It’s a misconception that the Bears aren’t holding a quarterback competition.
While it seems that way because of how staunchly coach Matt Nagy has stuck by Andy Dalton as “QB1” since the team signed him five months ago and defended that decision at every turn despite Chicago’s fervent eagerness to see first-round pick Justin Fields, it’s important to read the fine print.
Nagy wrote in Dalton as the starter in permanent marker for Week 1. That’s it. Dalton will get the opener Sept. 12 at the Rams, but Fields is in play from there forward. Keep in mind, by the way, that this is a coach who changed quarterbacks during the third game last season.
So while Fields isn’t competing to start in Week 1, he is vying for a shot at starting in Week 4, 8, 11 or whenever a Dalton downturn or injury cracks the door open for him. If that happens, even for a couple games, the most significant evidence in Fields’ favor that Nagy will be able to consider will be his three preseason appearances — none bigger than his start Saturday at the Titans, whether he realizes that or not.
“I don’t do anything different,” Fields said flatly. “I’m just going to approach it the same way and just go out there and play my hardest.”
After that, with Dalton dominating practice reps during the season, there won’t be much space for Fields to state his case. Nagy declined to give specifics on how he’d weigh whether Fields is ready once the season starts, but hinted that now is his chance to make an argument for it.
“Where did you think Justin was going to be through training camp, and is he where you thought?” Nagy said, giving a peek into his inner monologue. “Is it a little bit better? Is it a little bit worse? We feel really good with where he’s at. [Compared to] where a lot of rookies are at this point, he passed that test.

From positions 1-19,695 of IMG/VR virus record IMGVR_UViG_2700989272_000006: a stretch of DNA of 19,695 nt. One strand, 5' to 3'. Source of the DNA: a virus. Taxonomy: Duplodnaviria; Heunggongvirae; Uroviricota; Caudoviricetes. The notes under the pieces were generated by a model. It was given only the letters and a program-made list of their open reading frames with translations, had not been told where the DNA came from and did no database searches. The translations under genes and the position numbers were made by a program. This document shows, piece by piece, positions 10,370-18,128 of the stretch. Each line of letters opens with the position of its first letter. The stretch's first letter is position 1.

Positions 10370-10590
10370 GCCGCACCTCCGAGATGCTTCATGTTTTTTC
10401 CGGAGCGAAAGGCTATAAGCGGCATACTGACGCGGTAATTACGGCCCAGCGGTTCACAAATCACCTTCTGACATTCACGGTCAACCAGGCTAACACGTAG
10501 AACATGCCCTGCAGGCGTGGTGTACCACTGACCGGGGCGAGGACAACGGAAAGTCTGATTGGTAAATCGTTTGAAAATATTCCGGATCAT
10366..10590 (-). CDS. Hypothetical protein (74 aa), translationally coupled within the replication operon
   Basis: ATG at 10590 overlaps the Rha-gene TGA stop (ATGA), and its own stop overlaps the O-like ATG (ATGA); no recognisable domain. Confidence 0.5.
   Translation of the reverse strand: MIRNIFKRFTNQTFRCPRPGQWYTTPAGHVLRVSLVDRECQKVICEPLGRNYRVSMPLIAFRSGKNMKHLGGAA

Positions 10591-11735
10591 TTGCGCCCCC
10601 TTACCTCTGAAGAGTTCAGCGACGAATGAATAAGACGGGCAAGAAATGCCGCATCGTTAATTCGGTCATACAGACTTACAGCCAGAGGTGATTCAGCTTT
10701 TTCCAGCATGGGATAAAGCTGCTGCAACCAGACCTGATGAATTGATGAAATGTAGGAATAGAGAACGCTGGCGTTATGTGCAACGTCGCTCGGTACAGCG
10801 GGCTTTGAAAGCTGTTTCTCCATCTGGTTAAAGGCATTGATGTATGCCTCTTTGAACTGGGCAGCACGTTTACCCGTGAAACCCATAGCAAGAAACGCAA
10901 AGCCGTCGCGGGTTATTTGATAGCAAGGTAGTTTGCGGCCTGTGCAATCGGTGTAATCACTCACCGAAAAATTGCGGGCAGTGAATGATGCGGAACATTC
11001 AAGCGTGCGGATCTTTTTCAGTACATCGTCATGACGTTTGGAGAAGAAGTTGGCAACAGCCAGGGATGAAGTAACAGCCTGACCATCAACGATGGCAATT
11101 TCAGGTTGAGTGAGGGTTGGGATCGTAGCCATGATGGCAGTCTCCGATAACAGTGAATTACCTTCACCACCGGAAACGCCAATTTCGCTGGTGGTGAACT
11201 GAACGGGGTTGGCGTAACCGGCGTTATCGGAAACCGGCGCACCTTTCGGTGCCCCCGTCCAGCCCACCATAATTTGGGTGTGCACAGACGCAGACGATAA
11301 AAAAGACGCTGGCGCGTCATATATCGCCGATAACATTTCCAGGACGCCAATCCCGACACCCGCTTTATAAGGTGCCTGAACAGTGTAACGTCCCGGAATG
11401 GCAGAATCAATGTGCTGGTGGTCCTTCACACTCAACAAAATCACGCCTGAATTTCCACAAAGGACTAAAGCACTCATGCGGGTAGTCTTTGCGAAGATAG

“We have to create our own [criteria for quarterback evaluations]. Those guys just [need to] continue to fight every day and just be awesome in practice, be smart and be productive and always be prepared.”
Fields hasn’t quite passed that test yet, however.
The Titans game is his final exam, regardless of whether either side is playing a full complement of starters. He won’t be facing a sophisticated NFL defensive scheme, either — “In the preseason we’re seeing ‘High School Harry’ defenses,” Nagy said — but this game is still a reasonable enough facsimile for Nagy to determine how far he has come.
This is the final look at whether Fields has mastered everything on Nagy’s long checklist to get himself ready to at least jump in if Dalton gets hurt and at most take over the job much earlier than originally anticipated.
The absolute necessities are total fluency in the playbook and a basic understanding of NFL defensive schemes — two aspects that Mitch Trubisky never fully locked down in his four seasons with the Bears. Beyond that, Fields gives himself more of a chance if he can keep calm in a chaotic pocket, be prudent about taking dangerous hits and throw through windows that will be tighter and close faster than what he saw in college.
Fields’ studies in all those areas seem to be going well. Now he must show what he knows in a game.
“No. 1 for sure is picking up the intricacies of the play calling in the huddle — we know [he has] that,” Nagy said. “The post-snap recognition has been pretty good... That is a huge strength of his.
“And then what we’re starting to see is that if a play is not open and he catches that edge, that scares defensive coordinators because he can get a 20-yard [run]. He has a good feel for when to run, when not to run, when to protect himself. But all in all, doing a really good job of taking it all in and running the offense.”
Nagy clearly believes Fields is far enough along to play because he will be the No. 2 quarterback on game days and it’s likely Nick Foles will be inactive. If there were major red flags about Fields’ readiness, Nagy wouldn’t trust him to be one Dalton injury away from playing. So he would play Fields if needed against the Rams, for example, but he could not say with certainty how that would go. He’s high on Fields’ progress, but that would be a steeper challenge than anything he has encountered so far.
It’s up to Fields to solidify that confidence by running the offense with precision against the Titans.